Israeli ambassador to the US said the resolution's passing was a "shameful chapter in US-Israeli relations"
Israel announced on Monday that it has evidence that US President Barack Obama was behind Friday's historic UN Security Council resolution to halt Israeli settlement activity in the occupied West Bank and east Jerusalem.
Speaking to CNN, Israel's ambassador to the US Ron Dermer said Israel will present the evidence to the new administration through the appropriate channels.
"If they want to share it with the American people they are welcome to do it," he said.
Dermer who described last week's UN vote as a "shameful chapter in US-Israeli relations", said Israel felt that Washington had been involved in "ganging up on Israel at the UN", Israeli newspaper Haaretz reported on Monday.
The US abstention from the Security Council vote paved the way for its adoption with the support of the other 14 members.
In his first public reaction to the vote, Prime Minister Benjamin Netanyahu said on Saturday that the Obama administration carried out an underhanded and anti-Israel maneuver at the UN.
Netanyahu also said his adminstration will be reviewing Israel's relationship with the UN, with the first step being plans to halt all funding to UN institutions that are "hostile" to Israel.
Israeli government officials had reportedly been informed of the likelihood of the US abstaining during the UN Security Council vote, said Haaretz on Monday.
Describing the resolution as "crazy" Netanyahu said every US President after Jimmy Carter promised it would not dictate peace terms to Israel at the UN.
Recalling the 1975 United Nations General Assembly resolution equating Zionism and racism, which was ultimately repealed, Netanyahu said Friday's resolution will also be defeated.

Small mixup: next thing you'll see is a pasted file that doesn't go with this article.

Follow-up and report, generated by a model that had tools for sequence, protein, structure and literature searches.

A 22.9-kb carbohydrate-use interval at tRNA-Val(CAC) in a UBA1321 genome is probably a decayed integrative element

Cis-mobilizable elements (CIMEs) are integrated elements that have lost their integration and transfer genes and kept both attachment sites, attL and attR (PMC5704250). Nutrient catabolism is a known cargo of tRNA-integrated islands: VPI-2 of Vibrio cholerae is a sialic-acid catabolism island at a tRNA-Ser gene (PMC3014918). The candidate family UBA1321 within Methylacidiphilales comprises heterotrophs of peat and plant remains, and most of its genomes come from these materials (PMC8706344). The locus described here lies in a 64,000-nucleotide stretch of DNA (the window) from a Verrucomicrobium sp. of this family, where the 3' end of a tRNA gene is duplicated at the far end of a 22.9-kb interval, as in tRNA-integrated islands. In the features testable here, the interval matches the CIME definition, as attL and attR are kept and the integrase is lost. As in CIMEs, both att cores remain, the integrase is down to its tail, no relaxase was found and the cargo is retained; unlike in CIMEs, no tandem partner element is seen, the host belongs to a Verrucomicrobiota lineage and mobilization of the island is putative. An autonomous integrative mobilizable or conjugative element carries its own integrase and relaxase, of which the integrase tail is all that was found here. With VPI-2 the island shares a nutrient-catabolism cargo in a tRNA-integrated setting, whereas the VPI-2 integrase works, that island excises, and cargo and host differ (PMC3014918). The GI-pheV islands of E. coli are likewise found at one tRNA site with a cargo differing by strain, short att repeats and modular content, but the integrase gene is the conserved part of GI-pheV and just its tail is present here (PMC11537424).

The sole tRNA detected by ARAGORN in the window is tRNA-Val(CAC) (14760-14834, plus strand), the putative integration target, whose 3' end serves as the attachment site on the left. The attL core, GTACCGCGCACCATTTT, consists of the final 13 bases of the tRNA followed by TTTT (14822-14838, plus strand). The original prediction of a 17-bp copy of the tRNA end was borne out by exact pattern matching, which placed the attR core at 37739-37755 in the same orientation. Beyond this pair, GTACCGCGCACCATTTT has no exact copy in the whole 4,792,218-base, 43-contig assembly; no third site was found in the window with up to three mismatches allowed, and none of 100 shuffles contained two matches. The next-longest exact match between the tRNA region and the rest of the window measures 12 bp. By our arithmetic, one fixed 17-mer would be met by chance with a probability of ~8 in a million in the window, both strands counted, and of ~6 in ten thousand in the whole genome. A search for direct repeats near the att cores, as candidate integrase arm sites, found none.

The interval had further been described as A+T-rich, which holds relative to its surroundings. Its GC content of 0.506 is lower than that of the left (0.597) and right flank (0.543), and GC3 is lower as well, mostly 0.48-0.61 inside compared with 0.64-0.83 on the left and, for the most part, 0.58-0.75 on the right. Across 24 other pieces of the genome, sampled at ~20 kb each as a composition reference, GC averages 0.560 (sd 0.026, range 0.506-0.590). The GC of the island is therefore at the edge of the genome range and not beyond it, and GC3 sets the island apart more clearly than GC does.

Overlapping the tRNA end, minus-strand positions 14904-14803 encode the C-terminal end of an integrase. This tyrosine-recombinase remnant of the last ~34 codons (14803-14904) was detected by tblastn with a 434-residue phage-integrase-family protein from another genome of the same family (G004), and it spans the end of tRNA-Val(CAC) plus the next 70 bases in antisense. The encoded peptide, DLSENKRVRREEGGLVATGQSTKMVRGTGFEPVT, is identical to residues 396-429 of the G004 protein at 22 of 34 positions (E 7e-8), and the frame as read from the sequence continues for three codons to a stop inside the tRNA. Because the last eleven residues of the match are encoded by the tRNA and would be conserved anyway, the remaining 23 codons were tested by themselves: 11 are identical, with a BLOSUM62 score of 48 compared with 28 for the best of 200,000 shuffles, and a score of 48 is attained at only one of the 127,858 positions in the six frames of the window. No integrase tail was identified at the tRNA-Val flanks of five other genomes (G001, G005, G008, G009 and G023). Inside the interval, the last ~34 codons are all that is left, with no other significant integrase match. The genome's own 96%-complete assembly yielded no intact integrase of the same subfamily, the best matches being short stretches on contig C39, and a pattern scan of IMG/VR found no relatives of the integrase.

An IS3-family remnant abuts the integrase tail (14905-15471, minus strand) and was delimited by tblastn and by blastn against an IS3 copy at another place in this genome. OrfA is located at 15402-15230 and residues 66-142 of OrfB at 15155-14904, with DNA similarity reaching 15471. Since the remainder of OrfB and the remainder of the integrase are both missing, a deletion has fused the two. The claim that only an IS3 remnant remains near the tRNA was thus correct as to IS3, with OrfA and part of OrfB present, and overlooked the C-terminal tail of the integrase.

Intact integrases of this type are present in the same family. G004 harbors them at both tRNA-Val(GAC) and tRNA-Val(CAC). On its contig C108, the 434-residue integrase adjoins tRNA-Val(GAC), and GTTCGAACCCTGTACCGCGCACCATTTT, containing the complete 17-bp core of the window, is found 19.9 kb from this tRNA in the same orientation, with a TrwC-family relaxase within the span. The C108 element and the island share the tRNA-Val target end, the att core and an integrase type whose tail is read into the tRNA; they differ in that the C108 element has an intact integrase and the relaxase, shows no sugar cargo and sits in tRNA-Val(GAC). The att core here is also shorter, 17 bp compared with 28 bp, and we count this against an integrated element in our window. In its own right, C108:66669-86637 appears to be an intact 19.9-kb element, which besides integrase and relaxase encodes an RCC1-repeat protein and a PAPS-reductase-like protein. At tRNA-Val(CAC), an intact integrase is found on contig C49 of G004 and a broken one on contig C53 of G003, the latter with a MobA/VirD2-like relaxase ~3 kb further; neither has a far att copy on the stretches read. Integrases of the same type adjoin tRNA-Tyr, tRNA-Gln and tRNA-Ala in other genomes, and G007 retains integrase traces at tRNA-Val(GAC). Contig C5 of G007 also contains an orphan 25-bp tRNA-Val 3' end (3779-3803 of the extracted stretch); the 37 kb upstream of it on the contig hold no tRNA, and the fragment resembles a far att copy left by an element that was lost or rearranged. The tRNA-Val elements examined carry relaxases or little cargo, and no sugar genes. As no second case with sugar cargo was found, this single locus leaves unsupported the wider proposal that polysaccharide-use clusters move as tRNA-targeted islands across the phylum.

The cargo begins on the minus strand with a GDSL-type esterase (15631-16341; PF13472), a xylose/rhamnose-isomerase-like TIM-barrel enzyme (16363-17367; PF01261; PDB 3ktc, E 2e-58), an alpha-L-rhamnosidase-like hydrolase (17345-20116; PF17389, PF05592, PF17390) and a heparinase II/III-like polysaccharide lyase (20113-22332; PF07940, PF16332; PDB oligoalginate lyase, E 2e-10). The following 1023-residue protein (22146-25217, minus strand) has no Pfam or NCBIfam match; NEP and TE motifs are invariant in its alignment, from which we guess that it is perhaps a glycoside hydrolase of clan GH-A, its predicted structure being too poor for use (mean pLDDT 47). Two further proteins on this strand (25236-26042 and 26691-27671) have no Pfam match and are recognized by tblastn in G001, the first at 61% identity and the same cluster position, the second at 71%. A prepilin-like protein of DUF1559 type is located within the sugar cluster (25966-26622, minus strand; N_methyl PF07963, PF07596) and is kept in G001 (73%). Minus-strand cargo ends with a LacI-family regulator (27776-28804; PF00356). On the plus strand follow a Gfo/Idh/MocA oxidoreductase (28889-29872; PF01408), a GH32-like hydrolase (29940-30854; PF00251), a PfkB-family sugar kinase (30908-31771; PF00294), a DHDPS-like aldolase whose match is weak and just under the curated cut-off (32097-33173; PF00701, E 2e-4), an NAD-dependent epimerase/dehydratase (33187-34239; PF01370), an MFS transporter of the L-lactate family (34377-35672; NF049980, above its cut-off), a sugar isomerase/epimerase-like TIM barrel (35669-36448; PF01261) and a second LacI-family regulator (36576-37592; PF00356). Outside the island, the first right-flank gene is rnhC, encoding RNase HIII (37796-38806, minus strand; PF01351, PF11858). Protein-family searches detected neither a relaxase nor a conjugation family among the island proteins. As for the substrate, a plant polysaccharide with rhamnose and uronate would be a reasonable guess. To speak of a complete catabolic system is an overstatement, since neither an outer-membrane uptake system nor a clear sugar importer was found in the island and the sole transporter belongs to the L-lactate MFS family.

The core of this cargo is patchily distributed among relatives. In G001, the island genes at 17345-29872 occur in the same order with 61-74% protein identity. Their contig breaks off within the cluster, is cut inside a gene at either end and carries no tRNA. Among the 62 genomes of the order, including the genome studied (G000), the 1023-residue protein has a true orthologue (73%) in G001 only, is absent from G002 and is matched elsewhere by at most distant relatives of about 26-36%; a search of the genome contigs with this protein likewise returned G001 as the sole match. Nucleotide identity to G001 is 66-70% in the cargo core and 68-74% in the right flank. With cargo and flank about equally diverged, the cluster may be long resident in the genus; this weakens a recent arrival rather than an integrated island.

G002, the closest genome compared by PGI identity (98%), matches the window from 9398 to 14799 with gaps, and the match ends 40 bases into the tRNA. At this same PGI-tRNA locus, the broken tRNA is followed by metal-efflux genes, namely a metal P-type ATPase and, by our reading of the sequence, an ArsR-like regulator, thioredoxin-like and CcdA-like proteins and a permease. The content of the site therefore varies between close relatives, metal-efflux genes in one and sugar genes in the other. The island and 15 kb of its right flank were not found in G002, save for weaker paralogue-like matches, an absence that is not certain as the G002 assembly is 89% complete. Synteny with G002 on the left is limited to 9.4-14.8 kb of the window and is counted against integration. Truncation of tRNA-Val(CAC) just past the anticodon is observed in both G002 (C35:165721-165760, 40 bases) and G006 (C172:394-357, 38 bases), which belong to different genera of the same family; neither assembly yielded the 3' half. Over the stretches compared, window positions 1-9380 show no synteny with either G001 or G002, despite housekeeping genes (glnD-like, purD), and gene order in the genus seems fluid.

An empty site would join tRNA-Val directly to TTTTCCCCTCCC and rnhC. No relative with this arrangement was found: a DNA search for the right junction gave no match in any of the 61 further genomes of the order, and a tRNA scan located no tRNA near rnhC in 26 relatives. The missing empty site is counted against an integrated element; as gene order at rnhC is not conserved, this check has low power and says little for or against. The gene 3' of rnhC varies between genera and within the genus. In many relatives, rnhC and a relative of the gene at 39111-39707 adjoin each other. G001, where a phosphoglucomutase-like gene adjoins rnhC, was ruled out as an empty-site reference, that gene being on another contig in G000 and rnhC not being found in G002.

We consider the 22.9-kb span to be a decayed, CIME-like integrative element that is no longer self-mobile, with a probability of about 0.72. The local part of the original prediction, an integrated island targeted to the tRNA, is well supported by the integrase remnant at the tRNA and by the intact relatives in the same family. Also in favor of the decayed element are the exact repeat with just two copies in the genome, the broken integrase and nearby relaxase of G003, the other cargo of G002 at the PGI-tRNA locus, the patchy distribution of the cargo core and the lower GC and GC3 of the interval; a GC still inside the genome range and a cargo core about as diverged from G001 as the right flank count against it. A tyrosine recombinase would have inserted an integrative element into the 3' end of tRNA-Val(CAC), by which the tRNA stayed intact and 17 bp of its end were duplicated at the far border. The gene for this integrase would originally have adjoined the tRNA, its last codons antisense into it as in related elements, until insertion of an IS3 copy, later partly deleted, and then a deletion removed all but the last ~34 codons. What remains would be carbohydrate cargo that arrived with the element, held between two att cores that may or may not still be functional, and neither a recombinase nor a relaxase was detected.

Pundits and commentators have described the resolution's passing as Obama's last act of vengeance against Netanyahu before leaving office in a few weeks.
Both leaders have had a rocky relationship with Netanyahu being criticised by US commentators as continuously meddling in US domestic politics.
However, others pointed that the UN vote simply restates Washington’s stance on settlements.
“The sky is falling narrative on this just does not work,” Maya Berry, executive director of the Arab American Institute, told MEE last week. “It is standard US policy that Israel’s actions on settlements have been and continue to be an impediment to peace.”
The Council voted through a non binding resolution - proposed by New Zealand and Senegal - that Israel's settlements breached international law.
The vote was the first time in forty years that a resolution voted against Israel's settlement activity through the UN Security Council.
In reaction to the resolution passing US President-elect Donald Trump said on Twitter that "things will be different" at the UN under his administration.
On Monday, Trump criticised the United Nations on Twitter again, calling the international body a club where people socialise.
The United Nations has such great potential but right now it is just a club for people to get together, talk and have a good time. So sad!
— Donald J. Trump (@realDonaldTrump) December 26, 2016